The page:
Mode of production  

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Train wreck at Montparnasse (October 22, 1895) by Studio Lévy and Sons.
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Train wreck at Montparnasse (October 22, 1895) by Studio Lévy and Sons.

In the writings of Karl Marx and the Marxist theory of historical materialism, a mode of production (in German: Produktionsweise, meaning 'the way of producing') is a specific combination of:

  • productive forces: these include human labour power and available knowledge given the level of technology in the means of production (e.g. tools, equipment, buildings and technologies, materials, and improved land).
  • social and technical relations of production: these include the property, power, and control relations governing society's productive assets (often codified in law, cooperative work relations, and forms of association), relations between people and the objects of their work, and the relations between social classes.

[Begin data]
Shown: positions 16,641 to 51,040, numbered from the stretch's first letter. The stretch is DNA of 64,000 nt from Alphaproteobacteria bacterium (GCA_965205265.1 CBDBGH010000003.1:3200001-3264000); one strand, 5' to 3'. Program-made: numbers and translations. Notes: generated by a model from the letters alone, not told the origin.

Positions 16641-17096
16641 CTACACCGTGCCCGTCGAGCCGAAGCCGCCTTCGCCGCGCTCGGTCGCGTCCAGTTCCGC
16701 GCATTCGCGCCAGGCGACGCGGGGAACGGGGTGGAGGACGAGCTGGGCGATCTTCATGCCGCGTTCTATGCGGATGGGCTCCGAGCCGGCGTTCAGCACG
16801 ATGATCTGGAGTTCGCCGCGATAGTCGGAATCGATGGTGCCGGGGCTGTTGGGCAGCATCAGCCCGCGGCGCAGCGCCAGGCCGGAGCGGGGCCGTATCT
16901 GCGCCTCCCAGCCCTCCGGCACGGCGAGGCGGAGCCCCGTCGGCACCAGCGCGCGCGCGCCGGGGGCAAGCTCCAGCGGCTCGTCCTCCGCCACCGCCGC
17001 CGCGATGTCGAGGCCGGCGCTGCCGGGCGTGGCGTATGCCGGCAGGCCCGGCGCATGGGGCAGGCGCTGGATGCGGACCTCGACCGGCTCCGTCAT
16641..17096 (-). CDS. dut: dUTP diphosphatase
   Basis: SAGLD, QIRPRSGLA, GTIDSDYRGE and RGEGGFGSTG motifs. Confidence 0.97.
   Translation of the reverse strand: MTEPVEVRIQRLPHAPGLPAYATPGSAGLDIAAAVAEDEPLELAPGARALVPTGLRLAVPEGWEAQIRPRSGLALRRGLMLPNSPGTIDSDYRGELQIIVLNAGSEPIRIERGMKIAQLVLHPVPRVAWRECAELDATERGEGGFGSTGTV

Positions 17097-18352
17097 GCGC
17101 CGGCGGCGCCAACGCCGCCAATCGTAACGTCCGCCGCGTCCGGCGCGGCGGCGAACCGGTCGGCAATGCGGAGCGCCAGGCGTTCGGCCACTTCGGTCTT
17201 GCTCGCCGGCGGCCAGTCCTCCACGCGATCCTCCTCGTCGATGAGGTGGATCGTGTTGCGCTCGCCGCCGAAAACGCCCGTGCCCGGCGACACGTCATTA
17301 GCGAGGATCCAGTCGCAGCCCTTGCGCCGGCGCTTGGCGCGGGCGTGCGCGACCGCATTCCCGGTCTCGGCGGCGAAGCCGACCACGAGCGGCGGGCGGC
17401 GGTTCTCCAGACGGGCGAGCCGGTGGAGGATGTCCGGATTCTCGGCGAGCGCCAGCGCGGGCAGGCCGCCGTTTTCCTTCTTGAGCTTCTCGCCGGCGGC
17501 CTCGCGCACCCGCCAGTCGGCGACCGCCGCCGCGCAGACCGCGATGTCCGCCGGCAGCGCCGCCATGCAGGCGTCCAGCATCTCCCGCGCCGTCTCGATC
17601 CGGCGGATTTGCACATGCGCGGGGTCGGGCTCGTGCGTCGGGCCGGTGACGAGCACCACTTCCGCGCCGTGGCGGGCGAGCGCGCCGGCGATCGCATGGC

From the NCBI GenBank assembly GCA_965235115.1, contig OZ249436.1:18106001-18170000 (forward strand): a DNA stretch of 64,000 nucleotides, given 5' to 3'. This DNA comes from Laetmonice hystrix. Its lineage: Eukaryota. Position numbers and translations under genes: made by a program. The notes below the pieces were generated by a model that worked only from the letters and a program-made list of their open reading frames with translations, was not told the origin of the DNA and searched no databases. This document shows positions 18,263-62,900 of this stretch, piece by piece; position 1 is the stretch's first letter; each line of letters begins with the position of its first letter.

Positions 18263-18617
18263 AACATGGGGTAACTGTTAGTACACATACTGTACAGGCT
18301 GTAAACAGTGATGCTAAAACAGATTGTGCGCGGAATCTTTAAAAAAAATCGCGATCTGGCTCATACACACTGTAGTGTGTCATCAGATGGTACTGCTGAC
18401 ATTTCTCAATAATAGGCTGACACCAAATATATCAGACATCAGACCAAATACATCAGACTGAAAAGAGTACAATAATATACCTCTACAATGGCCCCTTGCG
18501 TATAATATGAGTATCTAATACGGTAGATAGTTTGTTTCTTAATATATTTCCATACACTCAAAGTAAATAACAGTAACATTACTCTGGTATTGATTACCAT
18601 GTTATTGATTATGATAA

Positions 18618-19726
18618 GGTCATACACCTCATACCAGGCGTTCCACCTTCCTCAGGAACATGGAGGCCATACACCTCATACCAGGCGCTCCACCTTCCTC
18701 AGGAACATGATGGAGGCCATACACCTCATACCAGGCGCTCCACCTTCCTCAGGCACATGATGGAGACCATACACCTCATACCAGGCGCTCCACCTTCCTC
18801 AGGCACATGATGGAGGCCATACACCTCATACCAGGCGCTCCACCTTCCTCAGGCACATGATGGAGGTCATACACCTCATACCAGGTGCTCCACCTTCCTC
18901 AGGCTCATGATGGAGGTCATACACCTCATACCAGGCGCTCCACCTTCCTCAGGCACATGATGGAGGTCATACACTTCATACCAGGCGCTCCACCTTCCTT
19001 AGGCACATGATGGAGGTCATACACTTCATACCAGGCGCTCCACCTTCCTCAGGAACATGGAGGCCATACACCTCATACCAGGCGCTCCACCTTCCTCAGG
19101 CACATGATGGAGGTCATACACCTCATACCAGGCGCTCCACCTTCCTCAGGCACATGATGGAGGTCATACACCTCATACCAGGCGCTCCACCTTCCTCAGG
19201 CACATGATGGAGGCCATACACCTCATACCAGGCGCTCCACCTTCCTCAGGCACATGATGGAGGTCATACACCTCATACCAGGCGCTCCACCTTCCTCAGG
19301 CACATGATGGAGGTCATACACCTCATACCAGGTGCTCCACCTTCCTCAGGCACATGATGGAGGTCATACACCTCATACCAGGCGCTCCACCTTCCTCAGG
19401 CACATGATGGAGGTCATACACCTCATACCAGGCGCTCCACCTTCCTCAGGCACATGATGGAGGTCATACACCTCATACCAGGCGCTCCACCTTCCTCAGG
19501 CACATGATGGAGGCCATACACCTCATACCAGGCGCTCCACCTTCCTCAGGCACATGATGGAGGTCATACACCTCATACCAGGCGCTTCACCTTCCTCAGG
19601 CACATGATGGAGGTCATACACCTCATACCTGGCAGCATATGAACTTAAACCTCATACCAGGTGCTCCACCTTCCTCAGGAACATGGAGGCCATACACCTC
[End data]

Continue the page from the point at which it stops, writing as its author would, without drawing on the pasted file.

Marx regarded productive ability and participation in social relations as two essential characteristics of human beings and that the particular modality of these relations in capitalist production are inherently in conflict with the increasing development of human productive capacities.

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Unless indicated otherwise, the text in this article is either based on Wikipedia article "Mode of production" or another language Wikipedia page thereof used under the terms of the GNU Free Documentation License; or on original research by Jahsonic and friends. See Art and Popular Culture's copyright notice.

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